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Some West Virginia lawmakers want to ban K2 and other so-called synthetic marijuana products, which are growing in popularity.

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Methamphetamine has proven to be so addictive and so socially destructive that, like cocaine in the 1980s, it is now the Big Bad Drug. It has been the subject of countless news stories, a critically acclaimed television series, a best-selling book and spooky folk art billboards.

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While a weekend snowstorm raged in Washington, D.C., a small group of health care advocates gathered in a conference room at the Hyatt Regency Hotel and were treated to a history lesson as well as a glimpse into the cold realities of Indian Country.

The topic: American Indian Health Policy. And unlike the weather that everyone talks about, a trio of speakers addressed a subject they insist is largely overlooked.

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We have a guest post today from Felice Freyer, veteran medical writer for the Providence Journal, member of the Association of Health Care Journalists Board of Directors and chair of AHCJ's Right to Know Committee.

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All Dr. Narinder Kumar had to do to stay in practice was make one phone call a day.

The phone call was a little unusual but straightforward. Kumar, a pediatrician in Davenport, Iowa, had to call a lab with a contract with the Iowa Board of Medicine to find out whether he had to give a urine sample that day. Kumar had agreed to this arrangement in May 2006.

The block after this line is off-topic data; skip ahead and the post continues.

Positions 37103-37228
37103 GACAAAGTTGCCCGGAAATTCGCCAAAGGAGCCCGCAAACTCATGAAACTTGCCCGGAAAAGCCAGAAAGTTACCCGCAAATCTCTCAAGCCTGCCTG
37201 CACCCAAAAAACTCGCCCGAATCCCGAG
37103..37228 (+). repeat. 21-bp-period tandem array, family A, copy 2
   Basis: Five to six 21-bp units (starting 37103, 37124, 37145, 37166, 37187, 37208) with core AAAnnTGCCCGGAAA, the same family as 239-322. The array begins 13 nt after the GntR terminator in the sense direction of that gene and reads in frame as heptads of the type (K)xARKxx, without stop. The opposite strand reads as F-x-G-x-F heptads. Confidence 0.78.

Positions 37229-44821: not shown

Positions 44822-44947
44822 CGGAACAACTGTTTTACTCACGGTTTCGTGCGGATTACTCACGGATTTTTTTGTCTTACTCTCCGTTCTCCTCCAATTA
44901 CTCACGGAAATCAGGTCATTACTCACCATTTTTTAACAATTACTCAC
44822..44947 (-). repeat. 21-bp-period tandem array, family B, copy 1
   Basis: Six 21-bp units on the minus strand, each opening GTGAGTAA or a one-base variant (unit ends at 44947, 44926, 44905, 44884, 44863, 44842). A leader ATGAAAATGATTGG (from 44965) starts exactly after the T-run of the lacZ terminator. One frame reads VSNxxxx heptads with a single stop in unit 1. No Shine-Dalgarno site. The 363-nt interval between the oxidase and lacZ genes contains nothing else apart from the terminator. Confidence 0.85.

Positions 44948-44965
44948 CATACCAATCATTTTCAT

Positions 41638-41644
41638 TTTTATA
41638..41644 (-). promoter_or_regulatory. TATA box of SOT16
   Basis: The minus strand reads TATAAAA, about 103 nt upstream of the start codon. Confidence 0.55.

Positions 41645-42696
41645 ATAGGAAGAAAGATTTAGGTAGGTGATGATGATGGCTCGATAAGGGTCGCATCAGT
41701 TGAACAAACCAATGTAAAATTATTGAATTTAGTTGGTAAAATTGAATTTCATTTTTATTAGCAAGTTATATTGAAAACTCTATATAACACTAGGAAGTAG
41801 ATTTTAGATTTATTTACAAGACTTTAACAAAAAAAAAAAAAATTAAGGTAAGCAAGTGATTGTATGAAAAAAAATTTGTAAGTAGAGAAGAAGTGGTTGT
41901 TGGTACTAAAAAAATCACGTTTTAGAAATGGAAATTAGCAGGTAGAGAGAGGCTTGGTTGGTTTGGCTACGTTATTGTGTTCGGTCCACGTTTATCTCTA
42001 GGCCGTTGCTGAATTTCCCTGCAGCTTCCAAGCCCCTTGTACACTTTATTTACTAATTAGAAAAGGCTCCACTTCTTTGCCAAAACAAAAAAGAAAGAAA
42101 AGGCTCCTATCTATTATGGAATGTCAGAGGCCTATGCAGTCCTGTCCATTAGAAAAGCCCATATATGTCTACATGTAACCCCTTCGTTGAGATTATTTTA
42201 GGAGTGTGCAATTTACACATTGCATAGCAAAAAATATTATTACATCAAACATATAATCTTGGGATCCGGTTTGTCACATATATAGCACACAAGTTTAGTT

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Dr. Patrick Dean has pulled off a magic trick to make Houdini proud.

The founder and president of GI Pathology, a national testing laboratory based in Memphis, Dean has practiced medicine without a license in at least two states. Practicing without a license is often a career killer for a physician. Not so with Dean.

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When historians write the history of ghostwriting in U.S. medicine, they will mark Sept. 17, 2009 as pivotal.

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Dr. Adriane Fugh-Berman has become the go-to source for comments on how drug companies have been using ghostwriters to inject marketing messages into the medical literature, a controversy that prompted powerful Sen. Charles Grassley, R-Iowa, to send a letter on Aug. 11 to the National Institutes of Health asking, among other things, "What is the current NIH policy on ghostwriting with regards to NIH researchers?"

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If DesignWrite, the medical communications firm that has been ghostwriting articles on behalf of drug giant Wyeth, were an elementary school student, it would have a stack of papers heavy with gold stars.

Dr. Gloria Bachmann, the associate dean for women's health at the Robert Wood Johnson Medical School in New Brunswick, N.J., told the company it had written an "an A plus article" after it wrote a review article that Bachmann agreed to sign. The article appeared with hardly a word changed in The Journal of Reproductive Medicine.

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